And so, she resumed in the manner to which she had become accustomed. History of Architecture, for whose Ivy League professor she would, as work-study, mount slides ; Energy and Man, the latter a by-product of the conserving 70’s, taught at night by a bearded pot belly likely housed in the hills with, she calculated, a penchant for Spam and farm animals; and, Western Civilization, required after the registrar had determined that she had enrolled as a freshman without having completed sufficient high school credits to graduate. The professor for this course was, she decided, the homeliest man she had ever seen; yet, on a bus trip with the class to the Buffalo museum, she noted his exiting alone at a gated piece of gentrification and, in the next block, the girl with the long honey hair who had always sat closest to his desk and who had brought a large historical volume to share with him getting off next, neither of them returning to the bus en route back to school.
Her daytime lunch partner was a muscular ruddy who’d been to Hull and back on an exchange, he and she sharing the distinct title of being the only two in the entire department who could actually draw. He’d daily recount his nightly escapades with each young woman as she appeared in the Union, describing just short of what they actually did once he’d seen the fine hair all over her body. He lived in one of the old houses in town, with a girl who had big eyes and no chin and who baked cookies every day, again no word on how he might’ve done with her what he may.
By the next semester, she’d moved off campus with three Fundamentalists, one of them fancying herself liberal, allowing her strapping rock climber man to actually spend the night one weekend and ordering a glass perfume bottle shaped like a ghost the size of a man’s thumb from Avon to “give to her mother.” Of the other two, one would regularly entertain her fiance on the living room sofa after dark, the plywood walls separating her bedroom from the sounds emitted therewith utterly useless as any barrier to unbearable and unrequited imagination.
Perhaps it was time to take a transfer to another school.
Her portfolio deemed strong by the drawing instructor, she submitted it to one of the Big Nine and was accepted in short order for the following semester, 3rd year. A tour of the Cleveland campus and its population of costumed characters provoked images of avant garde couplings seen in late night Grade B movies, their unrated references fleeting but memorable. Had the financial aid office of that institute not already bestowed its last penny of loan monies to, as her elder brother loudly accused in person, “minorities”, she would have certainly found out whether half of this could have been true.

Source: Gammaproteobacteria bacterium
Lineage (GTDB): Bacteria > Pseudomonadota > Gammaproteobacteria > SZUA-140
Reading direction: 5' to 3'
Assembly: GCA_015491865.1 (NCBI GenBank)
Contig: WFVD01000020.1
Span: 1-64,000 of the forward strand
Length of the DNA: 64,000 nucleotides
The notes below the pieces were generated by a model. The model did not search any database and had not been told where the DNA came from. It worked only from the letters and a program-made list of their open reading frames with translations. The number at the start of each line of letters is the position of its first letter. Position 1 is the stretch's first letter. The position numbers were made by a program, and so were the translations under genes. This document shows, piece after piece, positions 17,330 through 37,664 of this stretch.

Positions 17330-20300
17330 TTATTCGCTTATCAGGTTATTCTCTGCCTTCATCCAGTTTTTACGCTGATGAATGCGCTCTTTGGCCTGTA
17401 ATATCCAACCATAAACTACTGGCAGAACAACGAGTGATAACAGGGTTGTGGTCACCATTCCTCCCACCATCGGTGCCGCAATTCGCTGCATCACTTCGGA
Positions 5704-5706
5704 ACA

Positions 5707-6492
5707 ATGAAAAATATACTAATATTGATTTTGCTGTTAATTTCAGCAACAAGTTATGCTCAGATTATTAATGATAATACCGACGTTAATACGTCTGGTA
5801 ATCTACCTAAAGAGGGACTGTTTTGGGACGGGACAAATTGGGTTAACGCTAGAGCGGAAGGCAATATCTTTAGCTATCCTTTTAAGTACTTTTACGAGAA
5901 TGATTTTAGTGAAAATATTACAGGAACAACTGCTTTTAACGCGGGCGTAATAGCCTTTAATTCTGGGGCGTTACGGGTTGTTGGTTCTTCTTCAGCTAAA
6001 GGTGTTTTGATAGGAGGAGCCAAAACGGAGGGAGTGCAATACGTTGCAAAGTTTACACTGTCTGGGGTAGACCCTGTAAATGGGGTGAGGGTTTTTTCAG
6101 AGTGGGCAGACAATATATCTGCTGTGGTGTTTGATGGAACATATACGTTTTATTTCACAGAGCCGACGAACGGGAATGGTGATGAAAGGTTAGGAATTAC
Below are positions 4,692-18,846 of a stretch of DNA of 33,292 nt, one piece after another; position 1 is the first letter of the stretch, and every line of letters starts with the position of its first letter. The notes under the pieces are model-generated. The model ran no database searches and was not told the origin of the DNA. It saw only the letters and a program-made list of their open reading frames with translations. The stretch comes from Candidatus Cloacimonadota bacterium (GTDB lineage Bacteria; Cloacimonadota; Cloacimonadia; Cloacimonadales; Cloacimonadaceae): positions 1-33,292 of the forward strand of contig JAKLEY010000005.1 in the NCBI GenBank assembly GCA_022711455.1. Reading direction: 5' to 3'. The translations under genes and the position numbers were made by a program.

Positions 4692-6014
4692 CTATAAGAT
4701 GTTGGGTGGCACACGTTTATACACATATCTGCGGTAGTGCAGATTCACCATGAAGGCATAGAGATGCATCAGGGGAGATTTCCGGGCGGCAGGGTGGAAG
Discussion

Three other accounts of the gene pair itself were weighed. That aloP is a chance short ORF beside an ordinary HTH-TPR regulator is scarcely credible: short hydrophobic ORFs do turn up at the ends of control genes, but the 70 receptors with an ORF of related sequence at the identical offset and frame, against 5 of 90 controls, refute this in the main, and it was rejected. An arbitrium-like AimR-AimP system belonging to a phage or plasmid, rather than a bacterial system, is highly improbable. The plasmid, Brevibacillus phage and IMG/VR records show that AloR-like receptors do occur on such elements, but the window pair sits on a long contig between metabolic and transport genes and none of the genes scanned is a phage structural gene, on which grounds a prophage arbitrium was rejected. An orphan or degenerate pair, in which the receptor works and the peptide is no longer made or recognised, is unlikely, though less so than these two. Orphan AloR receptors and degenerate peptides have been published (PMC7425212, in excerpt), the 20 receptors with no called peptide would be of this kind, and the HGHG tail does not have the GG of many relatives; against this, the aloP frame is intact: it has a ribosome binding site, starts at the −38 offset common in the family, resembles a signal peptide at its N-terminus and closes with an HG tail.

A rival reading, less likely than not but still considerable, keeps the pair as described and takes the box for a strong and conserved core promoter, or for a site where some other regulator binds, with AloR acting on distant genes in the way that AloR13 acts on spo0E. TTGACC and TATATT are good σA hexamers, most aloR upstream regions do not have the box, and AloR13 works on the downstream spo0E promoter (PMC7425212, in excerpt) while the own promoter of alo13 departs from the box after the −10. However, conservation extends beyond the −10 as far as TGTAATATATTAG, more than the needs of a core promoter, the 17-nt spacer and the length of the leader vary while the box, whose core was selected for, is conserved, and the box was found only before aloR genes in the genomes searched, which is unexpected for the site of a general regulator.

Instead, she remained on hiatus for the next two years, working and saving money and maintaining her hymen as intact as it could have been, given the painful injury caused by the steel painted child’s toy on the floor outside of the infant’s playpen for which a doctor had to be consulted. During those two years, she replaced glasses with contacs, got a Farrah Fawcett cut and perm, and had her eyebrows plucked away from center. Men in the office supply store now looked back at her from the front check out to the rear station, strikingly handsome men from the rich suburb, even a prisoner and his escort. She had two dates, one with a boy who took her to a dance club and sat arguing that dancing wasn’t like sex at all, that he never even thought about sex when he was dancing though she would not dance with him or anyone.
The other was a trip to Minneapolis, to be hosted by her elder brother’s college friend who had become a doctor. He had invited her to visit specifically for her 21st birthday, to take her virginity, and he’d said so in no obscure terms. But, as she lay beside his half clothed body, the reality of his heretofore undisclosed debauchery was overtaking as was the large raised mole in the middle of his back, and she came home still wondering about the mechanical apparatus and how the whole act was managed, knowing only that she would have to be provided with some aesthetic allure in the future were she to even reconsider.
By the following fall, she had returned to school, the same one from which she had taken leave two years earlier. This time, her thrust would be music, with the goal a teacher’s degree. Those who can, do; those who can’t do, teach; and, those who have never been told how fend for themselves, grasping blindly in the dark.